Michael Wekerle sells his Fort Lauderdale home to Paul Prager

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Michael Wekerle and the Fort Lauderdale property (Getty, Compass via Douglas Elliman)

Canadian TV personality Michael Wekerle sold his Fort Lauderdale waterfront estate for $ 16.5 million to the head of Beowulf Energy.

The Wekerle Family 2011 Trust sold the 9,151 square foot mansion at 1000 Riviera Isle Drive to Paul B. Prager, administrator of the Prager Manga Reva Revocable Trust, according to property records.

The Fort Lauderdale property went on the market last year for $ 20 million. It has eight bedrooms, nine full baths, and two half baths.

Prager is the founder, president and CEO of Beowulf, a New York-based infrastructure holding company that develops, builds, owns and operates power generation and industrial infrastructure facilities around the world, according to his site. Web.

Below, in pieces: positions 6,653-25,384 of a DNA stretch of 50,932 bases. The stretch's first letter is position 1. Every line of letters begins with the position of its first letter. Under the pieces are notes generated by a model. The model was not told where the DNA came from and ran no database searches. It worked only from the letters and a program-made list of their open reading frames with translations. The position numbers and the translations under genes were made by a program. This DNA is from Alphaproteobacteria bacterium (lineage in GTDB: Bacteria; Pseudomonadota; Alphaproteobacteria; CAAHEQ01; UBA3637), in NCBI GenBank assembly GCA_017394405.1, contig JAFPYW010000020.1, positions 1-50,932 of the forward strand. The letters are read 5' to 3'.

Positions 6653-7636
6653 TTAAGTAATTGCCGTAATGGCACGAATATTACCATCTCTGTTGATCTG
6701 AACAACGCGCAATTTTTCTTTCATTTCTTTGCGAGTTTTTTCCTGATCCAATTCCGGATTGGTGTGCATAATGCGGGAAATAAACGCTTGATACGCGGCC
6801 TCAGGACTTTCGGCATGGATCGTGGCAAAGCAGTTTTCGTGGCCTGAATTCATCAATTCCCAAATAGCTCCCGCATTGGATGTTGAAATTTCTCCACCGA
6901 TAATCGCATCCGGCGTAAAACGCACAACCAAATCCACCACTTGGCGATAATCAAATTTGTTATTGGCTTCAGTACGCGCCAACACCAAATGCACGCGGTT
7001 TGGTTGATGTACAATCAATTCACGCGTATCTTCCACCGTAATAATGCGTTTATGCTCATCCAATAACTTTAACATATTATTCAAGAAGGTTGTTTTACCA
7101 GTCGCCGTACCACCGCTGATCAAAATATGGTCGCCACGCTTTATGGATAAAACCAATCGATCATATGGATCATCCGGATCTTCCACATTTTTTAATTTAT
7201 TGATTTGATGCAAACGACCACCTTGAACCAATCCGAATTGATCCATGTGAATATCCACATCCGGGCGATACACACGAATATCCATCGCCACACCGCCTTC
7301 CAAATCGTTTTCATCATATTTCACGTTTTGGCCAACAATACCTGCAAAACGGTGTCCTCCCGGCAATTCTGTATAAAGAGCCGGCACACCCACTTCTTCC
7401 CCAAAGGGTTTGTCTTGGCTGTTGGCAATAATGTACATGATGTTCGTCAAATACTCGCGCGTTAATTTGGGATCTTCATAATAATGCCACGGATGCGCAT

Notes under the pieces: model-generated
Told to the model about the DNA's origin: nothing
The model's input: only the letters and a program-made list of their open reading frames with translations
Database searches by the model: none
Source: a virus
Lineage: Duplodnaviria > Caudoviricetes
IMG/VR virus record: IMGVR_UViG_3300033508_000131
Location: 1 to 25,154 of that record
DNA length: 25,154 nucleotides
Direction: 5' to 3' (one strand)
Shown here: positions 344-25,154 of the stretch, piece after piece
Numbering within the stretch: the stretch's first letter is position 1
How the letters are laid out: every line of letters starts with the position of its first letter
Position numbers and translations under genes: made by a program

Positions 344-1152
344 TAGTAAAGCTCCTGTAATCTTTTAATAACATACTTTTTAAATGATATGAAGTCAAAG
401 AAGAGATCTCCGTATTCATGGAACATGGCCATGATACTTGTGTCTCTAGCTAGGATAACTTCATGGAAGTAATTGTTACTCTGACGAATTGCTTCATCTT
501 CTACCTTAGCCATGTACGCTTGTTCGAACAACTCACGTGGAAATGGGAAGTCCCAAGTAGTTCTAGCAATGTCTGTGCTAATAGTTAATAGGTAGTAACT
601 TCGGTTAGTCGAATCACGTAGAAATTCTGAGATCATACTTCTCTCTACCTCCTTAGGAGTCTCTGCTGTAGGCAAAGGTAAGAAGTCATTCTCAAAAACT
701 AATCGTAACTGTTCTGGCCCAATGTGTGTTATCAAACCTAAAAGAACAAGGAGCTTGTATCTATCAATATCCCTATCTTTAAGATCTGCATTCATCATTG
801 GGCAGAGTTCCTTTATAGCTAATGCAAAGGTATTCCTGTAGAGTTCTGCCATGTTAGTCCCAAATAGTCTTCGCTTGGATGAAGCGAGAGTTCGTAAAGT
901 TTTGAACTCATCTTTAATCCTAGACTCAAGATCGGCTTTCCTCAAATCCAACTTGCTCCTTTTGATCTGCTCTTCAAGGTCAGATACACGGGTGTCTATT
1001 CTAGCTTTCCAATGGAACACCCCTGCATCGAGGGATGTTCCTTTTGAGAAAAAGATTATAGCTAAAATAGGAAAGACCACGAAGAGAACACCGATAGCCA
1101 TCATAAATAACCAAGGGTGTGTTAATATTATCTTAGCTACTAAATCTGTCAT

Prager financed the purchase with an $ 11.6 million loan from Bank of America, according to records.

Wekerle is an investor on “Dragon’s Den”, a Canadian version of “Shark Tank”. In 2012, he co-founded Toronto-based investment firm Difference Capital, which merged with Mogo Finance Technology in 2019.

He bought the house in 2014 for $ 12.5 million, according to records. He then listed it at $ 19.3 million in October and raised the asking price to $ 20.3 million in February. Ruchel Coetzee of Douglas Elliman negotiated the deal.

According to the original listing, his art collection, which he valued at between $ 2.5 million and $ 3 million, was also for sale.

The house was built by the former chairman and CEO of the Anheuser-Busch brewing company, Adolphus Busch III, in the 1930s. According to the Wall Street Journal, some of the original features, like the stone columns and the decorative tiles, are still intact, although Wekerle has carried out some renovations.

Records show Wekerle re-roofed the house and converted a garage into several bedrooms. The property also has a swimming pool and 520 feet of deep water frontage.

Recent closures in Fort Lauderdale include the $ 6 million sale of a three-story vacation home that the two mortgage bank co-founders sold; and author and social media influencer, Patrick Bet-David bought a waterfront mansion for $ 20.4 million.


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